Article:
PC problems can be real time sinks. That's why people are willing to pay for programs that them help find, fix, and prevent tech glitches. Smith Micro's $49.99 CheckIt Diagnostics claims to help you prevent hardware failures before they happen. The program's hardware tests put your system components through the wringer, but if it finds a problem, the solutions suggested by the utility can be severe.
For instance, when my 8-month-old laptop failed CheckIt's memory and video tests, the advice the program offered in the first case included reinstalling the CPU. For the second failed test, I was instructed to update the machine's video drivers and to avoid using third-party drivers.
I hadn't noticed any problem with the notebook's memory or display, so I thought these might be examples of the failures the utility nips in the bud. What stopped me in my tracks was the memory-failure advice, which entailed disabling external cache and changing a BIOS setting in addition to reinstalling the CPU, memory modules, and cooling fan. These actions seem a little extreme to perform on a relatively new system that hadn't exhibited any symptoms of trouble.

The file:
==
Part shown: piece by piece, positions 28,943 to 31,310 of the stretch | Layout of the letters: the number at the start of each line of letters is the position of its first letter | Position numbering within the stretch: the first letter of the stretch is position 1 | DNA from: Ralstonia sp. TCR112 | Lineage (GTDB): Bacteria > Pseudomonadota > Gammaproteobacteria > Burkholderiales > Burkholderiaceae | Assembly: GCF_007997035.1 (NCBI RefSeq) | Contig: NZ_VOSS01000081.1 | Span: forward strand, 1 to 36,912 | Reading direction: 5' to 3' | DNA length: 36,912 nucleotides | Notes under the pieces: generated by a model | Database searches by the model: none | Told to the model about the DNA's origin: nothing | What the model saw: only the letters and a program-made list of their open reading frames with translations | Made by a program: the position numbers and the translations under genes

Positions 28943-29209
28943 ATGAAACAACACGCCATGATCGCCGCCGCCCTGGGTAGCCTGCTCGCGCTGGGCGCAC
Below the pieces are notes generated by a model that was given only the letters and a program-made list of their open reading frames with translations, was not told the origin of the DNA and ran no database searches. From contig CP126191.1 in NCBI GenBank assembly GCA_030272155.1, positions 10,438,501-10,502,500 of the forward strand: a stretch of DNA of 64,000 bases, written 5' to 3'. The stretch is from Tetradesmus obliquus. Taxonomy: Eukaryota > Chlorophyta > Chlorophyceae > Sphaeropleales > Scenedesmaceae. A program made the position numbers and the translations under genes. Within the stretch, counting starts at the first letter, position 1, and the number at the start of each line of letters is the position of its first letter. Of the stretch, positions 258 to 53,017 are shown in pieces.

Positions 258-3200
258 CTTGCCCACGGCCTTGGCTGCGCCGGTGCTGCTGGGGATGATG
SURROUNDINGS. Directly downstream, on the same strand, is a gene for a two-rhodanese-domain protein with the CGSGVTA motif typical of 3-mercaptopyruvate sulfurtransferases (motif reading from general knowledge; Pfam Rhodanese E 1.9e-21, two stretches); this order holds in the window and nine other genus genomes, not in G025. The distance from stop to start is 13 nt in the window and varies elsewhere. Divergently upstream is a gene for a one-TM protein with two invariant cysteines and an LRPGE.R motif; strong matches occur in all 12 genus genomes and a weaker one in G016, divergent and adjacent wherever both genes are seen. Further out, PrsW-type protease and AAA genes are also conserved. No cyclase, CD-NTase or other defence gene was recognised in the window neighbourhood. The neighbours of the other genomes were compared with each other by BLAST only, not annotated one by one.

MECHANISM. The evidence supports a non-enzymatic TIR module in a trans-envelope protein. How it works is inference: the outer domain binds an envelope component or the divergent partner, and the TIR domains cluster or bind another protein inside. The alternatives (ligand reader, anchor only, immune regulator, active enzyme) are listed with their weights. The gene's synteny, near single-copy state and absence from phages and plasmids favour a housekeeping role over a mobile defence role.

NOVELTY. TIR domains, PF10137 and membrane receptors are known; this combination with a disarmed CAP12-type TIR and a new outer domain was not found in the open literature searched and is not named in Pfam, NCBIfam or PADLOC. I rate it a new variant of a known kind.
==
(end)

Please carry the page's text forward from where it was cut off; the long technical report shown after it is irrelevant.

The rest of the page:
As for updating the video drivers, I'm disinclined to update a driver when the device in question is functioning normally. But at least the test results have made me more diligent in monitoring my PC's health. While CheckIt's test results may be difficult to interpret, the program provides a thorough view of your system components.
CheckIt's System Information screen gives you the lowdown on your memory, processor, BIOS, video, audio, storage devices, network adapters, printers, and software. An uninstaller is provided, but it doesn't offer the features of the free Revo Uninstaller is described in a post from last August.
Other CheckIt tools include a video calibrator, a ping and tracert automator, a benchmarker, and a stress test that combines various component tests. In addition to the memory and video tests, CheckIt tests your processor, audio, modems, graphics, and disks of every sort.
The scope of CheckIt's tools and tests is impressive, but Iolo's System Mechanic—which I reviewed along with Stardock's TweakVista in a post last May—remains my preferred all-in-one Windows utility, despite System Mechanic's annual fee.
Still, if you manage more than a handful PCs, especially machines that are getting long in the tooth, CheckIt Diagnostics can save you plenty of time, and possibly some money by helping you get a jump on component failures. Just be sure to take the program's advice with a grain of salt.